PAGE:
Tuesday, June 28, 2016



I've heard it said that "ignorance is bliss."

I'm not so sure about that, for in my experience, I've found that ignorance can get you killed.
Or worse, ignorance can make you stupid.

Sometimes I truly wish I were content to just coast along on what I've already learned and not be bothered with having to check in "just one more time."

On my last trip out visiting churches in 1985, the Lord gave me the word to "take everything you believe and lay it out on the table and see why you believe it."

I shared that almost everywhere we stopped during that fateful time.

I do not know if anyone besides myself was impacted by the enormity of that task, nor of the possible consequences.

Jesus spoke to the pharisees, who prided themselves in their command of the Law, and told them to "search the scriptures." (Jn. 5:39)

Wasn't that what they always did?

It would seem so; but it also appears that they only searched to prove what they already knew, and Jesus told them they didn't know what they should.

I have spent the major portion of my adult life searching the scriptures, and about the only thing I've learned is how much I don't know.

For years, decades actually, I have held a notion firmly rooted in the logic of my mind, but devoid of scriptural backing.

A few nights ago, the scriptural backing came in the form of correction—I had been telling myself something that didn't stack up.

I've told many people of my theory, and I believe there are some who, as a result, share my misguided belief.

From a purely rational position, I have long held that Jesus did what He did on the earth as a man, not God. Logic demands that there is no way He could be 100% God and 100% man, but that is the teaching of the majority, or, the orthodox position (if you will).

Theologians refer to this as the "hypostatic union."

I also argued that if He did His miracles as God, then I don't have a chance of measuring up to the pattern He set for me.

The argument comes from the passage in Phil. 2:5-8—
Let this mind be in you, which was also in Christ Jesus: Who, being in the form of God, thought it not robbery to be equal with God: But made himself of no reputation, and took upon him the form of a servant, and was made in the likeness of men: And being found in fashion as a man, he humbled himself, and became obedient unto death, even the death of the cross.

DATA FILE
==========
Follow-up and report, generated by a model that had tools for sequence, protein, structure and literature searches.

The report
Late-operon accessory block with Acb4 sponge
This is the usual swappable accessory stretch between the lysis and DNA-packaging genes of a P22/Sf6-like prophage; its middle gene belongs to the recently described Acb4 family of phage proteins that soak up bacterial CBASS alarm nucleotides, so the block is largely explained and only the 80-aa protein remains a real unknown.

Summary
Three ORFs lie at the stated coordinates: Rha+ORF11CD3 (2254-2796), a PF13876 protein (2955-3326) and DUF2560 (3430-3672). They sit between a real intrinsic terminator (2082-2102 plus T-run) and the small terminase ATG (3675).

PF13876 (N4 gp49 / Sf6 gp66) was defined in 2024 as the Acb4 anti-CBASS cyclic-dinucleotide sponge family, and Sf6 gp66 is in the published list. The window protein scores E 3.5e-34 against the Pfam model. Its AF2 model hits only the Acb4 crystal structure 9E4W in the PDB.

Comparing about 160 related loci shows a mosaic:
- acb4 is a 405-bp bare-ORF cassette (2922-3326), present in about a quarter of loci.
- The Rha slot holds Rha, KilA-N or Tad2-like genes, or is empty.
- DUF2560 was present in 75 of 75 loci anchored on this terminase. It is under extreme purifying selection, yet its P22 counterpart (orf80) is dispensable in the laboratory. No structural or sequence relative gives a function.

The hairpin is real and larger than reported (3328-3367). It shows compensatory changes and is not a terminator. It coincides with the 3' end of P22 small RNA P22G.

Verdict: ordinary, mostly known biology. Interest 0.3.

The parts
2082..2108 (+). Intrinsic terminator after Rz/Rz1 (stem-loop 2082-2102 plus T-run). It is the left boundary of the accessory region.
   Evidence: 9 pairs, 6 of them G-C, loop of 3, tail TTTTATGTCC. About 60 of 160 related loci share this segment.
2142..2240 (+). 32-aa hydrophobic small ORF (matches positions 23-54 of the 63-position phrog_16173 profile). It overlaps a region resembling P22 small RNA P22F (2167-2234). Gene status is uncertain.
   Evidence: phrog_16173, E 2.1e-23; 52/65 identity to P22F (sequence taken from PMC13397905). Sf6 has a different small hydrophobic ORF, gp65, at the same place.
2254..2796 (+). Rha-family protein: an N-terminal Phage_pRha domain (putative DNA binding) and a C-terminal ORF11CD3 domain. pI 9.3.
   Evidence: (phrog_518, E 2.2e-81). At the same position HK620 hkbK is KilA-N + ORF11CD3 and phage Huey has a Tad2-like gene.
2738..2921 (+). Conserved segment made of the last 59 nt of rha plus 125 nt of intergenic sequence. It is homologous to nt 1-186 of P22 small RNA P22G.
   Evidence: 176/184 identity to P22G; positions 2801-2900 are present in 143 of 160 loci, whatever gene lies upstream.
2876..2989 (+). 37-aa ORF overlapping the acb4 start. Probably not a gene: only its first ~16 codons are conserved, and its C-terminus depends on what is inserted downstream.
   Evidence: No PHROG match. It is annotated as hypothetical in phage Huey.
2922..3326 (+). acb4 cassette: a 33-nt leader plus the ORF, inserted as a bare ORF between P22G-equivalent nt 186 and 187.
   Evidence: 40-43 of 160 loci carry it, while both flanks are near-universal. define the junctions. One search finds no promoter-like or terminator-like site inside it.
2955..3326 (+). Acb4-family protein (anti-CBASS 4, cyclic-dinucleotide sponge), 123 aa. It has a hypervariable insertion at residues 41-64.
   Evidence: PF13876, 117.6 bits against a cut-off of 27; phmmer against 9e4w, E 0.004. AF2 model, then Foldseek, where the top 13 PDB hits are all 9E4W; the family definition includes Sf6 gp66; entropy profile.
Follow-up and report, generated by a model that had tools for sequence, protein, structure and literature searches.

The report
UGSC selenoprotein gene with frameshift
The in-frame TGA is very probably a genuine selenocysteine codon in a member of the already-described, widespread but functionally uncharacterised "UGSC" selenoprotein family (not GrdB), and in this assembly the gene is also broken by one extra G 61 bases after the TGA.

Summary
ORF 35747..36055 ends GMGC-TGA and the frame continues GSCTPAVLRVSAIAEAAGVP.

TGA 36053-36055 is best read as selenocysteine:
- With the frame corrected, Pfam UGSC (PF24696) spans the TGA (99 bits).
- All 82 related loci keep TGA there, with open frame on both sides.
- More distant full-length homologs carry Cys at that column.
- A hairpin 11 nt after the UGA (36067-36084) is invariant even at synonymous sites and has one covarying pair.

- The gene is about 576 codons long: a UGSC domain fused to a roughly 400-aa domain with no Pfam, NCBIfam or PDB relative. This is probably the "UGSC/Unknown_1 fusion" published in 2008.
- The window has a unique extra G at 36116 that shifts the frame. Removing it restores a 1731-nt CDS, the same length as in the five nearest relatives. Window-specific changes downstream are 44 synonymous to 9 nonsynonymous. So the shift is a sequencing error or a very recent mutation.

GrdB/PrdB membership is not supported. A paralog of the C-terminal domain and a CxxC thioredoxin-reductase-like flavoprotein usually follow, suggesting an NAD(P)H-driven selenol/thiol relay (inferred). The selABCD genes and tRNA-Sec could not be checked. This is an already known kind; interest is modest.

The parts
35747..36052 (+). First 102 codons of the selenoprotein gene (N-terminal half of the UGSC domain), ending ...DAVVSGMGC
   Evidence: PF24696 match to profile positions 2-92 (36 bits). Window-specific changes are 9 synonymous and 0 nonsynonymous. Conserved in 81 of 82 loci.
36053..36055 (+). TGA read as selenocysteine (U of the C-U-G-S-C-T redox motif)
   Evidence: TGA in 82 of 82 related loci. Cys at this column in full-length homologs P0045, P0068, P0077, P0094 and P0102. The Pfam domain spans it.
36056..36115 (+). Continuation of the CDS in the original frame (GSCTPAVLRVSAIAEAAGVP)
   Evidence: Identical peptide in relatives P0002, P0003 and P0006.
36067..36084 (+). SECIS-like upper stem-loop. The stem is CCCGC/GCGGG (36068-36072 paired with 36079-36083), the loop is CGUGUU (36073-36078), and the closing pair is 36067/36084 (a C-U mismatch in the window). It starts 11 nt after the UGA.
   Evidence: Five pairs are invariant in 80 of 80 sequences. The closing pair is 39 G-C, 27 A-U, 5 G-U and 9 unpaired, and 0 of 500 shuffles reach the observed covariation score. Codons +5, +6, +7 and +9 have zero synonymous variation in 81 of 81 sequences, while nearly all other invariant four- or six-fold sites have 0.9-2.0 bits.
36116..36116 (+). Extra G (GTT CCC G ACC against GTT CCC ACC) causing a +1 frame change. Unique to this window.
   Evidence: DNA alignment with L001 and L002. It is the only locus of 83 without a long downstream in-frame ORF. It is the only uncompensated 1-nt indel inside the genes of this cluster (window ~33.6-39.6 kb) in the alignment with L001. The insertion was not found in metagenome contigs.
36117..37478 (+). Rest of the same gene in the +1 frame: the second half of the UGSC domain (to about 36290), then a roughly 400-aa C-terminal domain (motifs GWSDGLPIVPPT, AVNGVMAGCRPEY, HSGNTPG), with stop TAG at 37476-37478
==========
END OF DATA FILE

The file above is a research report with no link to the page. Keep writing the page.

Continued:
Of course, those verses were penned to spur us to greater love, humility and service, not to create a theological debate. But, theological debate is an interesting distraction to help us avoid those demands of love, humility and service.

Some translations take "made himself of no reputation" and render it "emptied himself," which is the translation of the word κενόω (kenoo).

The false doctrine to which I adhered is called the kenosis theory—that Jesus emptied Himself, or laid aside all His attributes as God in order to become man.

I understand how that flies in the face of His divinity, but that was easily reconciled by a simple denial—or so I thought.

As is often the case, I found myself reading the Bible in pursuit of something entirely different and discovered Col. 1:19—
For it pleased the Father that in him should all fulness dwell;
Well, if all fulness is to dwell in Jesus, how could He be less than that?

In fact, Col. 2:9 states
For in him dwells all the fulness of the Godhead bodily.
It's that "bodily" part that did me in and put me on my face before the Lord in repentance.

And as I held my conference with the Lord, the Holy Spirit reminded me of Heb. 13:8—
Jesus Christ the same yesterday, and to day, and for ever.
How could I possibly fit some sort of changeability into that?

Therefore, it is clear to me (now) that I screwed up. I held and taught something that I believed to be true, but clearly was not.

To any and all of those who may have been affected by this, I offer my sincere apology and ask that you forgive me for any harm that may have resulted from this deception.

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